Forty years of progress on rights at risk for workers if Britain Brexits
The TUC has published today a legal opinion from prominent legal expert Michael Ford QC – Employment Silk of 2015 – which warns of years of chaos as a post-Brexit government re-regulates British employment law. The advice he has given the TUC lists the workplace rights which are most under threat from Brexit, and gives a chilling insight into the legal environment likely if Britain votes to leave the EU on 23 June.
Michael Ford, now Professor of Law at the University of Bristol, says that “there is no precedent for the kind of radical overhaul of laws which would potentially flow from Brexit”. And he says that simply repealing the European Communities Act 1972, as some Brexit supporters appear to advocate, is an “almost unimaginable” course of action, which would lead to “legal and commercial chaos”. More likely is a lengthy transition in which the government could pick and choose which EU rights to dilute or scrap. This would create long-term uncertainty and confusion for both employers and workers, and it could result in workers losing many hard-won rights at work.
Michael Ford QC’s legal opinion states:
“All the social rights in employment currently required by EU law would be potentially vulnerable. … It is easy to contemplate a complete reversal of the gradual increase in social regulation protecting workers which has taken place since the 1960s.”
The rights most at risk would be:
- working time rules, including limits on working hours and rules on the amount of holiday pay a worker is entitled to;
- Transfer of Undertakings (TUPE), i.e. the EU-derived protections to the terms and conditions of workers at an organisation or service that is transferred or outsourced to a new employer;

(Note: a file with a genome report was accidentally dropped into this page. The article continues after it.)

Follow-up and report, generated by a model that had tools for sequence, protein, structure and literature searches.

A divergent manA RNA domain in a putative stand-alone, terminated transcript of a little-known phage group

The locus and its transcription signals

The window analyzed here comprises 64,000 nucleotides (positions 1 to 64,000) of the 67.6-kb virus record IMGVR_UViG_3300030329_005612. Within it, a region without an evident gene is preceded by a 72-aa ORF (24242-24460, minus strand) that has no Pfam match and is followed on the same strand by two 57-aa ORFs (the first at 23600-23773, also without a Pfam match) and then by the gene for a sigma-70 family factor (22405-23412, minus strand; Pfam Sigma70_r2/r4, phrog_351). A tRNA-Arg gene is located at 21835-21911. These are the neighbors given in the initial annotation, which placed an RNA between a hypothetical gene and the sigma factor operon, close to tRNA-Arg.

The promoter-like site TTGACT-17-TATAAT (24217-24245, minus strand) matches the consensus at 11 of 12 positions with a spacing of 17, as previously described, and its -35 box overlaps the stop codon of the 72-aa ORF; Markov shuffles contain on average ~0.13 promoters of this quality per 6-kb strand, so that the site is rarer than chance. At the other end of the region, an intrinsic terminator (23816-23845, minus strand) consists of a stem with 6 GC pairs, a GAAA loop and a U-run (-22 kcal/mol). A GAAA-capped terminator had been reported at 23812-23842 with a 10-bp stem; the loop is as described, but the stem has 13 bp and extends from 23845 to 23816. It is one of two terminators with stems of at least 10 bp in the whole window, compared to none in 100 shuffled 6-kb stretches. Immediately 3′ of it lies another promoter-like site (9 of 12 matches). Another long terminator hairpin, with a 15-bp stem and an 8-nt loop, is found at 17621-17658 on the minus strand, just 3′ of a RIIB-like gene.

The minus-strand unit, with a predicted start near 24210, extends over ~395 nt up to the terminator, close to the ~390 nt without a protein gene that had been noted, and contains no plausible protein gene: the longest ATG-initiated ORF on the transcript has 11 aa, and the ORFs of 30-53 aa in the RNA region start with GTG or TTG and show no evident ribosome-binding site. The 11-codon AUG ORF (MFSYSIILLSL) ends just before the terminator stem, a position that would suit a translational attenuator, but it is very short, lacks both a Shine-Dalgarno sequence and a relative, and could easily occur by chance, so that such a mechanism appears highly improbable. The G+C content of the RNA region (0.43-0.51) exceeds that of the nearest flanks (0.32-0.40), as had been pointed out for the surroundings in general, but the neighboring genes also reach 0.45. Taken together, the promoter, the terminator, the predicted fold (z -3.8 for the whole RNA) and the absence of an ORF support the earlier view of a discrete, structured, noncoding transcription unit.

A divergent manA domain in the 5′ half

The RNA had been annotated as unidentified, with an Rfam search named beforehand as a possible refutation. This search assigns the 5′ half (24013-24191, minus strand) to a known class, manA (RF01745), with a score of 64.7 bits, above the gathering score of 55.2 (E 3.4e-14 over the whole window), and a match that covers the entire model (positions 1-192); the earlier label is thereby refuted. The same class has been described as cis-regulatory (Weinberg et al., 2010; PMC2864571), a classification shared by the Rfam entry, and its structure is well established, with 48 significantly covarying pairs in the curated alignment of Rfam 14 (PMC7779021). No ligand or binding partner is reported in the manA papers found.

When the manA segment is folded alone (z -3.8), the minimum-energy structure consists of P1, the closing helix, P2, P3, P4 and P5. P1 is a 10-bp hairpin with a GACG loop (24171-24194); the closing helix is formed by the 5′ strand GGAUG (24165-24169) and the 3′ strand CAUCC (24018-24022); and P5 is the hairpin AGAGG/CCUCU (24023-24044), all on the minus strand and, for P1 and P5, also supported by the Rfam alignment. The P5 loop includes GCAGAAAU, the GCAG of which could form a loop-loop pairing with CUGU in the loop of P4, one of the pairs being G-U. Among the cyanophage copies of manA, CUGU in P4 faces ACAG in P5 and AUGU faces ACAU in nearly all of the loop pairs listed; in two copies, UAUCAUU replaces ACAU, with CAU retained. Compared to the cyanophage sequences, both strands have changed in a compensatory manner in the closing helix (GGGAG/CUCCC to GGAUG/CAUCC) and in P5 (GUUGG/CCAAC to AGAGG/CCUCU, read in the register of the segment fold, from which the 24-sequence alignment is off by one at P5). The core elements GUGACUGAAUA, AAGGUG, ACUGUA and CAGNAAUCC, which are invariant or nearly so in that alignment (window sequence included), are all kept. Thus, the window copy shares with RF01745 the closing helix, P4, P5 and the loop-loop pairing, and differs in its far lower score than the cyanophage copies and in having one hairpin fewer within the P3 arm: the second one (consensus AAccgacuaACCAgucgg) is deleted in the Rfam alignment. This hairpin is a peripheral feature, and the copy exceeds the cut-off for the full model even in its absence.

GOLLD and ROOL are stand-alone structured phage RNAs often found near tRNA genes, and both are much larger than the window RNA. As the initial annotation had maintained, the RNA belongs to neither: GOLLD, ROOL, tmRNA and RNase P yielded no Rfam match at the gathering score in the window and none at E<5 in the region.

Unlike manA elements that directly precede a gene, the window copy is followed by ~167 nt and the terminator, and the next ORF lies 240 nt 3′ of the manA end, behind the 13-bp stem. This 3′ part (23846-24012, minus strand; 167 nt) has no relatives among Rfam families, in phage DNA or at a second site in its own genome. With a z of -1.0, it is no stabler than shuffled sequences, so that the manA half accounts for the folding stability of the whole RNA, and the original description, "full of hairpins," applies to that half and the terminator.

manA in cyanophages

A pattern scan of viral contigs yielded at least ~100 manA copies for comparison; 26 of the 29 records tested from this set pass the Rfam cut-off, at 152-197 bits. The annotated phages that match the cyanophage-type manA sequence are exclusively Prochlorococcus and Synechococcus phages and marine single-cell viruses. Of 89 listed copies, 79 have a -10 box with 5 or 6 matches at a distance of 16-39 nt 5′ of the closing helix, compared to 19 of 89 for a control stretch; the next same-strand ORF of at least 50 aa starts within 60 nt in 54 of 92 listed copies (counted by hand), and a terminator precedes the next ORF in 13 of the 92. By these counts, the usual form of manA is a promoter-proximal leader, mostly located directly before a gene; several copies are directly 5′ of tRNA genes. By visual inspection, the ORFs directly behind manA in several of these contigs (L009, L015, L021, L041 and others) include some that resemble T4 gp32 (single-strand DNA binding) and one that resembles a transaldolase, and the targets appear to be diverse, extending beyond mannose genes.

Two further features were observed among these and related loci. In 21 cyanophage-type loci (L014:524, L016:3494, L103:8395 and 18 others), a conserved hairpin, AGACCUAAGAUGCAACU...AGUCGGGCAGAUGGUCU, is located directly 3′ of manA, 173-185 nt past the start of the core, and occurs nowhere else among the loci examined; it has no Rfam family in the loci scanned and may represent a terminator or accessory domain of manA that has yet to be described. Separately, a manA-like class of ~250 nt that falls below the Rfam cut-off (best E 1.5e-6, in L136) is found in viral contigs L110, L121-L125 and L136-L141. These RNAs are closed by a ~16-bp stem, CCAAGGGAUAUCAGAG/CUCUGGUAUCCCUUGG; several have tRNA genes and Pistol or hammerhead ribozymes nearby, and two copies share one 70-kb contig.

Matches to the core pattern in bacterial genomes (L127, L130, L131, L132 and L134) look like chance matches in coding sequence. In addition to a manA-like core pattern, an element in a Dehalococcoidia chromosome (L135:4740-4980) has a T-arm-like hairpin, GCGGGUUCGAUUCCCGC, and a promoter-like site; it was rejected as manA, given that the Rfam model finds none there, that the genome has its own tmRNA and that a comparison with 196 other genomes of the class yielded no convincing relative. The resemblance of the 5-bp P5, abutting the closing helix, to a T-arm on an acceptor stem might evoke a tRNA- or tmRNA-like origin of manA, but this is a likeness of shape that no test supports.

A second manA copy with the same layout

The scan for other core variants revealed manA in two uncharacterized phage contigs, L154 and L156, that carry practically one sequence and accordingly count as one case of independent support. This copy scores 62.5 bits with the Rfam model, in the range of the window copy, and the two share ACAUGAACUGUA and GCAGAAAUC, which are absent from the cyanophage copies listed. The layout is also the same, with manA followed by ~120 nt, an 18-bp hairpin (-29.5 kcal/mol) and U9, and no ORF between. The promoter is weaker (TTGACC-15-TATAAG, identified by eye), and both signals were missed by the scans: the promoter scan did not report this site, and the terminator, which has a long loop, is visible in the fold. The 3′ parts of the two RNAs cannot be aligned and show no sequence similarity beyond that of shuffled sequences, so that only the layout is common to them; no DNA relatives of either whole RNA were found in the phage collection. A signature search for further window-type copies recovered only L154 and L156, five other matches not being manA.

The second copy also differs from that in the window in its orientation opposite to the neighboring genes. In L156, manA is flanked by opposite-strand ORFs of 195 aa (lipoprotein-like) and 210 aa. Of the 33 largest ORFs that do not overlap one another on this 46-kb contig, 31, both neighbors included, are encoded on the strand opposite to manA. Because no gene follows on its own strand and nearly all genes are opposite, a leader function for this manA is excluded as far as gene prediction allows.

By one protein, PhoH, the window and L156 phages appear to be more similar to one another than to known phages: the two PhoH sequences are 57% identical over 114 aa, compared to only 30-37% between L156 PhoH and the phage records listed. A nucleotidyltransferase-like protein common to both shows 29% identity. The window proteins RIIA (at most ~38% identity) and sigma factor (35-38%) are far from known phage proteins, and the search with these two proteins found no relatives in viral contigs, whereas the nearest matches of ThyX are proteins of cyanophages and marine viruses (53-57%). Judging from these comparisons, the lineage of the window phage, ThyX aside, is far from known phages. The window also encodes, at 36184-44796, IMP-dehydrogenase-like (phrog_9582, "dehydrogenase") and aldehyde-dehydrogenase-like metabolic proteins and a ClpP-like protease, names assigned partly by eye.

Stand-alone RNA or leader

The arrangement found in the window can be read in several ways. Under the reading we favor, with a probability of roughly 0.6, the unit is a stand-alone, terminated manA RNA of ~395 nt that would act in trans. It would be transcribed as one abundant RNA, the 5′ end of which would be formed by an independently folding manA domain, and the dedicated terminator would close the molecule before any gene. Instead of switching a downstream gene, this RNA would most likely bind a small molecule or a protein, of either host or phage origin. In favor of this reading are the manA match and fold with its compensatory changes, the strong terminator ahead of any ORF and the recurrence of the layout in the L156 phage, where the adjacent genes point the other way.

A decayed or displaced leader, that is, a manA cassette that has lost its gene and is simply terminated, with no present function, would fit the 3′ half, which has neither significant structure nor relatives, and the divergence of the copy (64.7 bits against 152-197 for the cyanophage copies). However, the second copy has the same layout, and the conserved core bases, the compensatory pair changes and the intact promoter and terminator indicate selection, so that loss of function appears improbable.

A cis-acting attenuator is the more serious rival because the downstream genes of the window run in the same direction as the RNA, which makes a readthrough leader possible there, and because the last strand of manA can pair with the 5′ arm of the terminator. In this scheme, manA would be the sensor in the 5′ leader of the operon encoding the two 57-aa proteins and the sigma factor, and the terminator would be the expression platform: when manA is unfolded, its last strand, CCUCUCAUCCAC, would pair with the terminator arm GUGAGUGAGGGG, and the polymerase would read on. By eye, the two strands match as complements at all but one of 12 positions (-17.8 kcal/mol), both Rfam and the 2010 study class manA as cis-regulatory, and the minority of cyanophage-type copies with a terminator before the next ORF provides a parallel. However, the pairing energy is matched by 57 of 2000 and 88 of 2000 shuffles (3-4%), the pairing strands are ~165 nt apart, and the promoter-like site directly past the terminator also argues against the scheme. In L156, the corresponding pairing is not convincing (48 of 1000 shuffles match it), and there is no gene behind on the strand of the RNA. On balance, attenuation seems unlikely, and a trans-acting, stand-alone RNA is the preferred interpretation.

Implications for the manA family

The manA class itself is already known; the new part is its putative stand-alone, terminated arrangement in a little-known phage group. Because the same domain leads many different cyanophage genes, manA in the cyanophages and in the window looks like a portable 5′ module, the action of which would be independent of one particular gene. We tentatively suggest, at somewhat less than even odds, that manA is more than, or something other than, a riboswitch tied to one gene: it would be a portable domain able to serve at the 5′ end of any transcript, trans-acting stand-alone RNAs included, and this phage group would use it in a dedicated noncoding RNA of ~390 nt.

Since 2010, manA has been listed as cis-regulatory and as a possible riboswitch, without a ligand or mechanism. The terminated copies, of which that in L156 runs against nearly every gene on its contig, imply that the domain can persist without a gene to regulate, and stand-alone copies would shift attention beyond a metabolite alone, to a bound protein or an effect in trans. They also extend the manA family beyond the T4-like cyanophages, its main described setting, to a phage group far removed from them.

- protections for agency workers and other ‘atypical’ workers, such as part-time workers;
- current levels of compensation for discrimination of all kinds, including equal pay awards and age discrimination; and
- rights for workers’ representatives to be consulted if major changes are planned that will change people’s jobs or result in redundancies (as have been used in recent major announcements in the steel industry).
But other workers’ rights would not necessarily be safe, and workers would be left with only the UK courts to enforce those rights that remain. That might not be something we can rely on, as Michael’s advice points out. The European Court of Justice has generally taken a far more positive approach to workers’ rights – especially in the area of equality – than UK courts. And access to justice has been severely curtailed by Employment Tribunal fees set at levels that deter people with valid cases from making a claim. Even where workers successfully enforce their rights through the UK system, outside of the EU there would be nothing to stop the Government changing the law speedily to make sure no one else can benefit.
TUC General Secretary Frances O’Grady says that:
“Voting to leave the EU is a big risk for everyone who works for a living. Brexit would mean working people are haunted by years of uncertainty, as rights like paid holiday, parental leave and equal treatment for part-timers and contract workers could be stripped away over time.
“The EU guarantees these rights, but generations of trade unionists fought for them. If we lose them because of Brexit, it could take generations to get them back again. The biggest cheerleaders for Brexit think that your protections at work are just red tape to be binned. Bad bosses will be rubbing their hands with glee if Brexit gives them the chance to cut workers’ hard-won protections.”